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T&P Warehouse: Historic building remains in limbo as area redevelops

For years, the historic T&P Warehouse on West Lancaster Avenue downtown, built in 1931 to house freight for the Texas Pacific Railway, has sat vacant and deteriorating.

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Susan Halsey, Fort Worth attorney, business leader, dies

Susan Halsey, a Fort Worth attorney who was also a community and business leader, died on Friday, Dec. 19. Halsey, 55, was chairman for the Fort Worth Chamber of Commerce in 2013-2014, leading the chamber during a year

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Meridian Bank Texas parent acquired by UMB Financial for $182.5M

Kansas City, Mo.-based UMB Financial Corp., the parent company of UMB Bank, said Dec. 15 it has signed a definitive agreement to acquire Marquette Financial Companies in an all-stock transaction.

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Heating up: West Lancaster corridor projects moving forward

West Lancaster Avenue through downtown Fort Worth is heating up, with planners envisioning a lively mixed-use corridor that extends the central business district further south.

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Cousins Properties to sell 777 Main tower in downtown Fort Worth

Cousins Properties Inc. has confirmed plans to sell the 777 Main office tower in downtown Fort Worth, according to a news release from the Atlanta-based real estate investment firm.

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3 major freight railroads to report 2Q results

 

JOSH FUNK,AP Business Writer


OMAHA, Neb. (AP) — Three of the nation's biggest freight railroads are getting ready to release financial reports that could provide insight into the economy's health.

The companies may also face safety questions after this month's deadly railroad explosion in Canada.

CSX Corp. will release its first quarter earnings on Tuesday. Union Pacific Corp., the largest U.S. freight railroad, will follow with its report on Thursday. Norfolk Southern Corp. will release its earnings report the following week, on July 23.

The other major U.S. freight railroad, BNSF, is owned by Warren Buffett's Berkshire Hathaway Inc., which is expected to release results in early August.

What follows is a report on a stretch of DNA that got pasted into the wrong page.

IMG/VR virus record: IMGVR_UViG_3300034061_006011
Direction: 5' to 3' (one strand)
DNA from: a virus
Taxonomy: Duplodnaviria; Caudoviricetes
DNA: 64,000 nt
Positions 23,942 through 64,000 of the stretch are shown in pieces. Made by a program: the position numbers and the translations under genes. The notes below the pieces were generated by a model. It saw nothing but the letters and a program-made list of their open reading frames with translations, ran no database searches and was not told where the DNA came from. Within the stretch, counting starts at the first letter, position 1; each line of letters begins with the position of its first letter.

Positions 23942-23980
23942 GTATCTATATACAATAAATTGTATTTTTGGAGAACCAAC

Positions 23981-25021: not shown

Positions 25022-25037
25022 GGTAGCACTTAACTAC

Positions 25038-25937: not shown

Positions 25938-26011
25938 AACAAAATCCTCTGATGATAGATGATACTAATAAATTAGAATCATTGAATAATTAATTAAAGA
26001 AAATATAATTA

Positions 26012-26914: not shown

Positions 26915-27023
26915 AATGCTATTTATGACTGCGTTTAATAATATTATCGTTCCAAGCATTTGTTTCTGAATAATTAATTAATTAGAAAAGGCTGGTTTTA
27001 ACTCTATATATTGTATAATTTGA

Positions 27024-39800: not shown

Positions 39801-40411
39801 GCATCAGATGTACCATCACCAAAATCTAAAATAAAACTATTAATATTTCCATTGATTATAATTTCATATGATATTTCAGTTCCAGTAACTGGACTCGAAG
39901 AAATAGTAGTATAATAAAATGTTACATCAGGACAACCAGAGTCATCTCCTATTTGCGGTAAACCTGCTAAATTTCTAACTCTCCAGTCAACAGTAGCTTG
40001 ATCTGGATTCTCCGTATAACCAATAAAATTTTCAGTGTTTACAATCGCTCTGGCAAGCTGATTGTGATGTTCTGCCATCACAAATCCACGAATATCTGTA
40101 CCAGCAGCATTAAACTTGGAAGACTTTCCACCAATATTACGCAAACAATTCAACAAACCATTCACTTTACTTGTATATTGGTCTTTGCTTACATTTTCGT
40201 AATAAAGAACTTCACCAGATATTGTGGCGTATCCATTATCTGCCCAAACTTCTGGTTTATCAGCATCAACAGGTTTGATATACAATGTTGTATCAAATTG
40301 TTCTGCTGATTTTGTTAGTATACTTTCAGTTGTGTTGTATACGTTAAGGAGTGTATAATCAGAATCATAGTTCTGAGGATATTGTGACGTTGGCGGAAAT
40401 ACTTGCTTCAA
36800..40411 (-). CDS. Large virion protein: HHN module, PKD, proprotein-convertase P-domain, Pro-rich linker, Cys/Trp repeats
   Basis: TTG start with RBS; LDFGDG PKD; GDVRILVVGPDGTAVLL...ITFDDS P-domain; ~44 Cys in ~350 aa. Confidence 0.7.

WHAT TO WATCH FOR: Over the past two years, railroads have been dealing with weak coal demand because natural gas prices were so cheap many utilities turned away from coal. Coal demand may have started bottoming out, stabilizing in the first quarter. Investors will be watching to see whether that trend continues.

Meanwhile, shipments of crude oil by railroads have been booming in recent years because new oil discoveries are producing more than pipelines can move. Last year, the major U.S. railroads hauled roughly 200,000 carloads of oil.

But the July 6 crash of an oil-laden train into the Quebec town of Lac-Megantic that is presumed to have killed 50 people raises questions about the risks of transporting oil by rail.

Deutsche Bank analyst Justin Yagerman said in a research note that the railroads still have good growth prospects because the housing market and manufacturing are both expected to continue improving as the economy slowly recovers.

Those factors will help railroads no matter what happens with coal and oil shipments.

WHY IT MATTERS: Investors watch major freight railroads closely because they are considered gauges of the nation's economic health. Railroads carry cars, chemicals, fuel, crops, lumber and containers of imported goods across the nation, so their earnings reflect the health of many industries.

WHAT'S EXPECTED: Analysts surveyed by FactSet expect CSX, based in Jacksonville, Fla., to report earnings of 47 cents per share on revenue of $3.02 billion.

Analysts predict Omaha, Neb.-based Union Pacific will report earnings of $2.35 per share on $5.5 billion in revenue.

Norfolk Southern, based in Norfolk, Va., is forecast to report earnings of $1.49 per share on revenue of $2.85 billion.

LAST YEAR'S QUARTER: CSX reported $512 million net income, or 49 cents per share, on revenue of $3.01 billion.

Union Pacific reported net income of $1 billion, or $2.10 per share, on revenue of $5.22 billion.

Norfolk Southern's net income came to $524 million, or $1.60 per share, on revenue of $2.87 billion.

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